July 13, 2020 at 7:01 am EDT Savannah Morning News pulled Oatland from the archives this morning and what a wonderful trip down memory lane it was!
What is the purpose of a wildlife education center? To help people understand the natural world around us? To provide enrichment lessons and activities broadening our knowledge of a variety of flora and fauna? To preserve and display articles from the past so that we can better understand our present? To give a fuller picture of how life used to be? A wildlife education center can be all these things, but anyone who has visited Oatland Island Wildlife Center knows it is all those things and so much more.
“When we walk down the memory lane, we learn from the past and pick for the present the fundamentals, which can be brought into play for the future.” ―Erik Pevernagie
Before "Instagrammable" was an adjective and everyone had a super computer in their pocket, Oatland was providing amazing opportunities for Savannah locals and visitors to connect with the natural world and each other. Looking through this photo archive, it's easy to see that while the world has changed all around us, the fundamentals of Oatland have stayed the same. In this fast-paced and oft-uncertain world, that's truly a beautiful thing.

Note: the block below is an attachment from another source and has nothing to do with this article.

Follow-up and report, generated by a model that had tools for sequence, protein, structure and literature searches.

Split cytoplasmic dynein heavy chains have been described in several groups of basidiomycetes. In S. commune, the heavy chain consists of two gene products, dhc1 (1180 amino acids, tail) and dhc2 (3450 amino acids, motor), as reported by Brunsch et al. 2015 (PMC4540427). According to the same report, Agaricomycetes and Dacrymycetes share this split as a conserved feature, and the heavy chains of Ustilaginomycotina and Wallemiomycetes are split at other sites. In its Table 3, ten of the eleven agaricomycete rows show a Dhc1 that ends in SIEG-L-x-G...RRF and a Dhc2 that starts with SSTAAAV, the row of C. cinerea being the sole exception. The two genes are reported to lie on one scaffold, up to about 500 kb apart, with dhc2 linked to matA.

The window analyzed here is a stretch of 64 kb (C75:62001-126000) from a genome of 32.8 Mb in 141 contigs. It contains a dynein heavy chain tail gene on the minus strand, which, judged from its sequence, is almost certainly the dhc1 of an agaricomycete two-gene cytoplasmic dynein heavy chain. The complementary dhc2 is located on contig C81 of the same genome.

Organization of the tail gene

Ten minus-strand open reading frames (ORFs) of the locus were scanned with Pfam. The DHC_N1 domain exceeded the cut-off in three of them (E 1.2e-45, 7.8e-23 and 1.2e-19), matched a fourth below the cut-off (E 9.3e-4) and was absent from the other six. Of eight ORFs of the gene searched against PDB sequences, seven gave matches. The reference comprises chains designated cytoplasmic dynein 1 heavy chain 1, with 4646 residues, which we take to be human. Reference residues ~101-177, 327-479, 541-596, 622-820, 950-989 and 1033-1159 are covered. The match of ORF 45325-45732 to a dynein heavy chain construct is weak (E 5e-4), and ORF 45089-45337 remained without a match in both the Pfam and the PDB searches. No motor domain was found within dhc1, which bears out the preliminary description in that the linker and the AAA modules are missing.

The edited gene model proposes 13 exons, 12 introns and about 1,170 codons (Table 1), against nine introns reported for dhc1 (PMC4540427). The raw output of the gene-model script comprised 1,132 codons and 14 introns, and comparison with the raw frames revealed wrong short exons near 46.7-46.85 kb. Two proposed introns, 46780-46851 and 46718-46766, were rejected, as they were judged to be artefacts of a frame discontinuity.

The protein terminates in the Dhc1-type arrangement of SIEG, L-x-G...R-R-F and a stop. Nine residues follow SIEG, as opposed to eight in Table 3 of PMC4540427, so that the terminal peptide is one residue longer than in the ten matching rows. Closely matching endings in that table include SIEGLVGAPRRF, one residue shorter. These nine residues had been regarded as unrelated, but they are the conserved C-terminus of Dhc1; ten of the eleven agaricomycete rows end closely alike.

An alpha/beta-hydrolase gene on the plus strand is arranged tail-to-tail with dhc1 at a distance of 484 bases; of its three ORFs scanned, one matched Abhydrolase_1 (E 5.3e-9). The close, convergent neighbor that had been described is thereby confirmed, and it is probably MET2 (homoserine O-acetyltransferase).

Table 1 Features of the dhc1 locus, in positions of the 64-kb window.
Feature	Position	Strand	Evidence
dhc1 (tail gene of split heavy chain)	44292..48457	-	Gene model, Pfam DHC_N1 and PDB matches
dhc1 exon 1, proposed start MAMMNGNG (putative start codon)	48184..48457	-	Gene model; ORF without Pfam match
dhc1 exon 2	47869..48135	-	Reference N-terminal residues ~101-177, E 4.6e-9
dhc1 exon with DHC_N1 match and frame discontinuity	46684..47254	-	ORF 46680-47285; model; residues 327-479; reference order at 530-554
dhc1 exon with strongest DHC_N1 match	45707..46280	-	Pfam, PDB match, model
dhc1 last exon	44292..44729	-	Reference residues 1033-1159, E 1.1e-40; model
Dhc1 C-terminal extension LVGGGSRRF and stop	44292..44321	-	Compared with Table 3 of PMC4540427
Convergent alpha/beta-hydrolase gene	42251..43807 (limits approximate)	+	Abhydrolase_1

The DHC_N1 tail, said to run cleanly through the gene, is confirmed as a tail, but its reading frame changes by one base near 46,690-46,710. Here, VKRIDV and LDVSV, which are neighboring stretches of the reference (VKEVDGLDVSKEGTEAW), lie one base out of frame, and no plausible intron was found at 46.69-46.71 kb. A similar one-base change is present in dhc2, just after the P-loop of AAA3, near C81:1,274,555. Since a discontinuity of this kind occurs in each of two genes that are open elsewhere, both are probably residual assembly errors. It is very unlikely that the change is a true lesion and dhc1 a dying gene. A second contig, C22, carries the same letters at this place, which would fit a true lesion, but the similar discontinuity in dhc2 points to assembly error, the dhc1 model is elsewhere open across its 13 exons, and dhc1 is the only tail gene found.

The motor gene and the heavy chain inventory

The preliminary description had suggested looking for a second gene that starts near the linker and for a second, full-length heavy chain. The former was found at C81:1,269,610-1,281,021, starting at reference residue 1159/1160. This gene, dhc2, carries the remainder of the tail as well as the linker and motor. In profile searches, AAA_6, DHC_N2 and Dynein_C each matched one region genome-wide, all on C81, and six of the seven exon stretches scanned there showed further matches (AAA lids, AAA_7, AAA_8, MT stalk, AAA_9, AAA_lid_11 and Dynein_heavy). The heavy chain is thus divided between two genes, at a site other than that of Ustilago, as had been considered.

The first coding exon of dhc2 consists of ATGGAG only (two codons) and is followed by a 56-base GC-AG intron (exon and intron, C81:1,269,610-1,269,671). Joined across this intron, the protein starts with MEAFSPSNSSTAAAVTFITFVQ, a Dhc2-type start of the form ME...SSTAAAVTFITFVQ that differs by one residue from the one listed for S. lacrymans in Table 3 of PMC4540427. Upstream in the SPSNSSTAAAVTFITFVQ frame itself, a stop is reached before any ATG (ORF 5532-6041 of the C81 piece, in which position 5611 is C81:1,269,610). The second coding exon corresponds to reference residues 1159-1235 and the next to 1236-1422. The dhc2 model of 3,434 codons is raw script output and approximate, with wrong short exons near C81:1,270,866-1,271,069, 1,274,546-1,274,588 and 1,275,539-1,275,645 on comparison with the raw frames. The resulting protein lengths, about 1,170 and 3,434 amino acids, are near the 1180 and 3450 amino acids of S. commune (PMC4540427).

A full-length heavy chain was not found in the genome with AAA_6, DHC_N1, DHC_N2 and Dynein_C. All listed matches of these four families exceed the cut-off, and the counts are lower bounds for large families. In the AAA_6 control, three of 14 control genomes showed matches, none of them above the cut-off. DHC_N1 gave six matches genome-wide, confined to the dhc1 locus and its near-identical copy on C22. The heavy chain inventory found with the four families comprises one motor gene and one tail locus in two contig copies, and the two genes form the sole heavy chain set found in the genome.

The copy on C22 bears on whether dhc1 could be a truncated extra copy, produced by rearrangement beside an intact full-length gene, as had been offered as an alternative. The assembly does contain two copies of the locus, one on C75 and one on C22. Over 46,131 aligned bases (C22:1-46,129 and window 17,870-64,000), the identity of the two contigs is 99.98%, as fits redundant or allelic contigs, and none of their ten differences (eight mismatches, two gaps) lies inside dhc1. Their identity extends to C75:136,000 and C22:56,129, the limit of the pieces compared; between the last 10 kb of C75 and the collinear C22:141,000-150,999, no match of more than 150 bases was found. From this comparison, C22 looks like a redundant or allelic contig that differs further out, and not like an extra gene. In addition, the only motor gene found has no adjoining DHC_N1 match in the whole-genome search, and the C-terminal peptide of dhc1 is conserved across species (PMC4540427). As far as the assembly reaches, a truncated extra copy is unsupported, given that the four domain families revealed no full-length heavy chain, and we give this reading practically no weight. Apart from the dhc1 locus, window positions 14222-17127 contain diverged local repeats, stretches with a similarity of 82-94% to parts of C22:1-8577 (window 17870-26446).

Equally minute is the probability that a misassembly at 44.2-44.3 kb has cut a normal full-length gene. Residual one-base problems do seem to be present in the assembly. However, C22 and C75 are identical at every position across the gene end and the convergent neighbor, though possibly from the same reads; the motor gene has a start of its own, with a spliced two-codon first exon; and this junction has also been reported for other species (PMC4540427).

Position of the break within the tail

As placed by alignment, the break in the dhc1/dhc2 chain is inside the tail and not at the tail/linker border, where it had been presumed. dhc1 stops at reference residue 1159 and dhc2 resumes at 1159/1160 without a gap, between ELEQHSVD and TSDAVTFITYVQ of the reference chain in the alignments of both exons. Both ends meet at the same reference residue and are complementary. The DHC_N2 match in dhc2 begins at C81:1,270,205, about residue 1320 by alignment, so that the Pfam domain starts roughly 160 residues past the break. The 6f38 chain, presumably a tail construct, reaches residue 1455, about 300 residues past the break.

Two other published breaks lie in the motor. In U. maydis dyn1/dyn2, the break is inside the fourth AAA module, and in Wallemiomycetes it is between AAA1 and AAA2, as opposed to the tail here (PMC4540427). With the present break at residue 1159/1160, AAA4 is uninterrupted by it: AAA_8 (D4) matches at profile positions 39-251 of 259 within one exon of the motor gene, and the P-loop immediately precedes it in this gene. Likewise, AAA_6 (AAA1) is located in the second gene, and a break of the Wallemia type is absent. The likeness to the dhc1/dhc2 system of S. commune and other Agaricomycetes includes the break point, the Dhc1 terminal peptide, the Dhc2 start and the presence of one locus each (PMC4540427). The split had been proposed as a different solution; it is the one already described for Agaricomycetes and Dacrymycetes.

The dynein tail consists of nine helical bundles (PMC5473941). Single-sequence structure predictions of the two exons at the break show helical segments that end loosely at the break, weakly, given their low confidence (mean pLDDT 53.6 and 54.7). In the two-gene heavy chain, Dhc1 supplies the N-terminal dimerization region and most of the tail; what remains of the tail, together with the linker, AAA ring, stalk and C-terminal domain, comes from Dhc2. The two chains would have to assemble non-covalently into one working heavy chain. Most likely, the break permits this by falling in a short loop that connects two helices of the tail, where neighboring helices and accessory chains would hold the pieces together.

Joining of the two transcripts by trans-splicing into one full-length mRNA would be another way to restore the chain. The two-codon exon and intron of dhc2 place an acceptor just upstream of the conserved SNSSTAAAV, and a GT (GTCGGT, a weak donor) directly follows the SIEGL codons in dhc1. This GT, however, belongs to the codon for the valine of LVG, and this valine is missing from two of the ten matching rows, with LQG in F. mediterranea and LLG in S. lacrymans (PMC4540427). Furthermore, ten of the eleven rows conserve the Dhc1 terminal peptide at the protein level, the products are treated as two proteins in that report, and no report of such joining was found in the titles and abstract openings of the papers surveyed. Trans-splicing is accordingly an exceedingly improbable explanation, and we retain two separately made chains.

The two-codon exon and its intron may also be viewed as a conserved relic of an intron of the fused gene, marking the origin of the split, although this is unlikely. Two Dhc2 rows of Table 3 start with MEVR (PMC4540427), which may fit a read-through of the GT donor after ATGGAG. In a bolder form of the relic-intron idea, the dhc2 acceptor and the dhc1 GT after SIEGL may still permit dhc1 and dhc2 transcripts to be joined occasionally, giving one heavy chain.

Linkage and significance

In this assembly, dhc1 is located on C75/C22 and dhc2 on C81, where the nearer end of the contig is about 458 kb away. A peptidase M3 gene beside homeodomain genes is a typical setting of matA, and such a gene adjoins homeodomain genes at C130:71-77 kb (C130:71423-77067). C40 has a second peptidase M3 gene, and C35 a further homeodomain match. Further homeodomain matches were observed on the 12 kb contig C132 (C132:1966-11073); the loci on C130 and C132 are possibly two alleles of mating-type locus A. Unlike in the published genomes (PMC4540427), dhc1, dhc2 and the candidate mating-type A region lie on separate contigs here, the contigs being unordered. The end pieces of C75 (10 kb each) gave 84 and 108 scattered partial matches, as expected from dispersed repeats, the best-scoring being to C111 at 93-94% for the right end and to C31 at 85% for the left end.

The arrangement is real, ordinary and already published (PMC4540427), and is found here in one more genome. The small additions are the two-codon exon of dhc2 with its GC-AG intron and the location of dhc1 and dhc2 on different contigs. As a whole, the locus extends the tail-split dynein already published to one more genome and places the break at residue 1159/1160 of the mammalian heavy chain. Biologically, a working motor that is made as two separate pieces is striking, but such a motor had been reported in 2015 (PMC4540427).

Educating our youth on the value of our native wildlife and the importance of conservation is absolutely essential.
Teaching wildlife conservation through fun and interactive education can be an amazing experience for children. It raises awareness on issues of sustainability and damage to native animals and the environment.
From the tiny periwinkle snails on the marsh grass to the American Bison (largest land animal in North America), Oatland loves and promotes them all. Every visit to Oatland Island Wildlife Center includes life-long lessons on local ecology, conservation, and a deeper understanding and appreciation for the world around you.